“Grid is about a damaged earth. It started with some idea of planes you could see simultaneously on top and under each other. Three-dimensional drawings have always been a fascination of mine. I’d just start drawing and let things overlap. Then after I’d had got an interesting bunch of lines and shapes and areas, I started adding color to it. That’s where my textile sensibility comes in.”
Skafte acknowledges a nod to Klee, Picasso and Sonia Delauney, especially the latter for her colorful geometric textile designs.
“The drawings evolve. As I complete an area, then I figure out what else I need to include to tell the story. On the computer I download millions of pictures. I’m always researching from wild fires to under water scenes. I also incorporate mythological symbols—Hindu and Buddhist cosmology, and Judeo-Christian creation myths.”
Unlike the primary, vibrant watercolor palette of her abstracts, Skafte uses colored pencils for her subdued, elegant and understated Climate Change series. “The use of colored pencil is pretty and soft…you’re not seeing blood and guts,” she notes. “They’re easy to look at. Then I’ve kind of roped you in and make you pay attention to things that are really horrendous and difficult.”
In the early study, Climate Change, Skafte, using weather map motifs and geologic perspectives, depicts wild fires on one side of the country and floods on the opposite side. A city and forest both suffer ruination. ”They are related although they would seem to have nothing to do with each other,” she says.
“I started Thwaites Glacier Antarctica on the right side and worked my way across. I thought I needed red or something hot to illustrate the melting glacier. The idea came up of a phoenix and I put the bird in. Although the destruction of the global warming is there, the phoenix represents a rebirth. I realized it was actually a hopeful image. That didn’t occur to me until after I’d finished the piece.”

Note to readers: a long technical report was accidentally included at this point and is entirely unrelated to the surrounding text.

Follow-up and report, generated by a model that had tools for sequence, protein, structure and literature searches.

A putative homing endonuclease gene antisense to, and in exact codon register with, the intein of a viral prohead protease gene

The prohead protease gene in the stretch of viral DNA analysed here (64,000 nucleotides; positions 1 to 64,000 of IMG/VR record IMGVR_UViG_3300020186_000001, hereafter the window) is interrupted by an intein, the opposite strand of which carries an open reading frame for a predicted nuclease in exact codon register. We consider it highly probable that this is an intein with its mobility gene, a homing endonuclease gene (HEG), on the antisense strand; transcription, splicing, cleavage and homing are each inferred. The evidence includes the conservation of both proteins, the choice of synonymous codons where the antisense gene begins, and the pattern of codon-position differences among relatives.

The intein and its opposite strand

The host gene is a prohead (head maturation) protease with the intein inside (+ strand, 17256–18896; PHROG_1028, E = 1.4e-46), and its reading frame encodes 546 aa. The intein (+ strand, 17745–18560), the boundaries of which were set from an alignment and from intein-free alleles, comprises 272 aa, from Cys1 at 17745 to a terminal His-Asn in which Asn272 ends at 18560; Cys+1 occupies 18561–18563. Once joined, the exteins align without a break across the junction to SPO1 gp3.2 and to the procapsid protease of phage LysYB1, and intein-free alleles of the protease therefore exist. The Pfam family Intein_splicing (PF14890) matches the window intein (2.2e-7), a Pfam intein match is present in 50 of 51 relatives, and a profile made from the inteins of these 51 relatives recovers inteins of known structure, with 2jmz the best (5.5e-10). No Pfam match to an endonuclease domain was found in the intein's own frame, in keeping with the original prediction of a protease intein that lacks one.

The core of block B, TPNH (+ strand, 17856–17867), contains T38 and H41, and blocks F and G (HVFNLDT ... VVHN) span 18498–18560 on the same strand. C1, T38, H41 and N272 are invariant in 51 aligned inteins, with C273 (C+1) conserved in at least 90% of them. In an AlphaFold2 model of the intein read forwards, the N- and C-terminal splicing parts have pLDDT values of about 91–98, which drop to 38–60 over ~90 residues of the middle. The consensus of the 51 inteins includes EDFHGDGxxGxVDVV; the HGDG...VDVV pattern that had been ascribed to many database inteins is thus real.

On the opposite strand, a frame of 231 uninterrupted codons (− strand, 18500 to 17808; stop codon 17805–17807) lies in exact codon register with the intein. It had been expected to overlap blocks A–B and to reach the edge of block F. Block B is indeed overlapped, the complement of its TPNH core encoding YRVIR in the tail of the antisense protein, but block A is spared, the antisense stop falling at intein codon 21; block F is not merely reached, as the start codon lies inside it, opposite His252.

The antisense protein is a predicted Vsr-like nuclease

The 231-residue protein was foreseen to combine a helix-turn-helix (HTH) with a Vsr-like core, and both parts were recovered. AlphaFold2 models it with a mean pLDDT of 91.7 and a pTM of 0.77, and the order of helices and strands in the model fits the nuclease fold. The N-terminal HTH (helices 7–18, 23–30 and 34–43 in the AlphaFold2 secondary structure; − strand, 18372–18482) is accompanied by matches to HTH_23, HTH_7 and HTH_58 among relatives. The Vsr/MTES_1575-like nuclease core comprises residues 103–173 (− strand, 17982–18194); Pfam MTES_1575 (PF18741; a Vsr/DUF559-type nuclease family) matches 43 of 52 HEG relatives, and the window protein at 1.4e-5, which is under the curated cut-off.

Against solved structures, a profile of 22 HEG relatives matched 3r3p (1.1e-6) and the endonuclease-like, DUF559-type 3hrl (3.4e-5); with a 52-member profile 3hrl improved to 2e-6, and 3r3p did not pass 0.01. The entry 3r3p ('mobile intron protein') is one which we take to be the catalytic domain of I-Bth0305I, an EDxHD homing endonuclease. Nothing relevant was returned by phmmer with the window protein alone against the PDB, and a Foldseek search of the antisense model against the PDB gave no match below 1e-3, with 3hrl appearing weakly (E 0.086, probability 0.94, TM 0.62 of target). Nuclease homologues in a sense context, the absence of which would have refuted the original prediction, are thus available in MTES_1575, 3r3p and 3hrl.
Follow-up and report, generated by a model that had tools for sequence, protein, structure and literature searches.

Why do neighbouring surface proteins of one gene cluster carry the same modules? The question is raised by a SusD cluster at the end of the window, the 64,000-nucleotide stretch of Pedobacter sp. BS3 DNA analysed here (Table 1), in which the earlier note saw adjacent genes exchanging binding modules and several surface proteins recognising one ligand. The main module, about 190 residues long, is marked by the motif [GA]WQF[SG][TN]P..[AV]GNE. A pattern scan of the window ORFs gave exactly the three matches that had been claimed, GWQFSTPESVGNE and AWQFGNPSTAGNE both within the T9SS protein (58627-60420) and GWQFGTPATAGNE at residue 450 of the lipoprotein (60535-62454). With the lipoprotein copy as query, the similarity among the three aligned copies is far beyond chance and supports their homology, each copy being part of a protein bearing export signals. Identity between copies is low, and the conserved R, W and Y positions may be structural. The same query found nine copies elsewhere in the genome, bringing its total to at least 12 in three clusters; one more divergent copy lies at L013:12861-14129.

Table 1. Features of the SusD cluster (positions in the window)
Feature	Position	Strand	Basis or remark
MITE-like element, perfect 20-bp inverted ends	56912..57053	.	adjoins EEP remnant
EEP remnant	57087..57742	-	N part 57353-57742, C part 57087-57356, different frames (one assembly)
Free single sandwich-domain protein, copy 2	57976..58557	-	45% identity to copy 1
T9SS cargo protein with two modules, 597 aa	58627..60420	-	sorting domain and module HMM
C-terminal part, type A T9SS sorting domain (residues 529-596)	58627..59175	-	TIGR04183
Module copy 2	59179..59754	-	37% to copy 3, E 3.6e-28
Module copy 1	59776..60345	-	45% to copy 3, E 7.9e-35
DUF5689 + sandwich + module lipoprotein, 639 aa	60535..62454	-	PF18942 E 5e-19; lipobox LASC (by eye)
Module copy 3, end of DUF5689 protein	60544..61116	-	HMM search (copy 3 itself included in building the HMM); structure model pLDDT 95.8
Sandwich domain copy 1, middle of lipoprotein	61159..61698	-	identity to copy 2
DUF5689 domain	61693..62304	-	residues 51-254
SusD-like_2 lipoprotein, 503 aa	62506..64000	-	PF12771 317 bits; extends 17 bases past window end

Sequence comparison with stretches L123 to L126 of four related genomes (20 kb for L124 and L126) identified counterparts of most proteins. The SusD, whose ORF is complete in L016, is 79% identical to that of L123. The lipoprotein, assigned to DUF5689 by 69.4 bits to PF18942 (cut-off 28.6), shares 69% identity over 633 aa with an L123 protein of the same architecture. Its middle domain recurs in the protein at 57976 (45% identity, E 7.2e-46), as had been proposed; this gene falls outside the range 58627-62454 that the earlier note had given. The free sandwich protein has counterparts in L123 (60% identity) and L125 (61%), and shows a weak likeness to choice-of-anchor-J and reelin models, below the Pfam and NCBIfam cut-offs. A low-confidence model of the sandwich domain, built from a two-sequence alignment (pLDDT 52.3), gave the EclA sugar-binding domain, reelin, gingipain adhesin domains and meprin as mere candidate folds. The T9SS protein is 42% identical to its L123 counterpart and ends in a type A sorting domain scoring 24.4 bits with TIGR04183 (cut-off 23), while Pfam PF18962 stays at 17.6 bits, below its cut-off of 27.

Oil Spill, above, references an oil spill, mangroves and pelicans that were covered in oil during the BP Deepwater Horizon disaster in the Gulf of Mexico.
Unraveling is about the rapidly disappearing ice of the Arctic Ocean region. Above the reindeer is a microscopic image of anthrax. “Anthrax had been sequestered in some of the frozen permafrost for who knows how many thousands of years. When melting, the anthrax was still viable and wiped out a significant number of reindeer,” says Skafte.
The birds pictured flying off to the left are murre, a species that is endangered to the brink of extinction. Also some of the dead murre are drawn on the lower left. These die-offs are a result of warmer water that has reduced the numbers of fish that murres depend upon.
In Coral Bleaching, warm ocean temperature, ocean acidification and algae bloom led to coral bleaching and the death of tropical species in South Florida.
In Mudslide, Skafte employs the Hindu mythological symbol of the elephant holding up the world, mud slides overcoming him with their weight. “I was looking at photographs of clear-cut logging in Northern California and the Pacific Northwest; both clear cutting and wildfires contribute to deadly mudslides. It’s a mash-up of different geologic disasters.”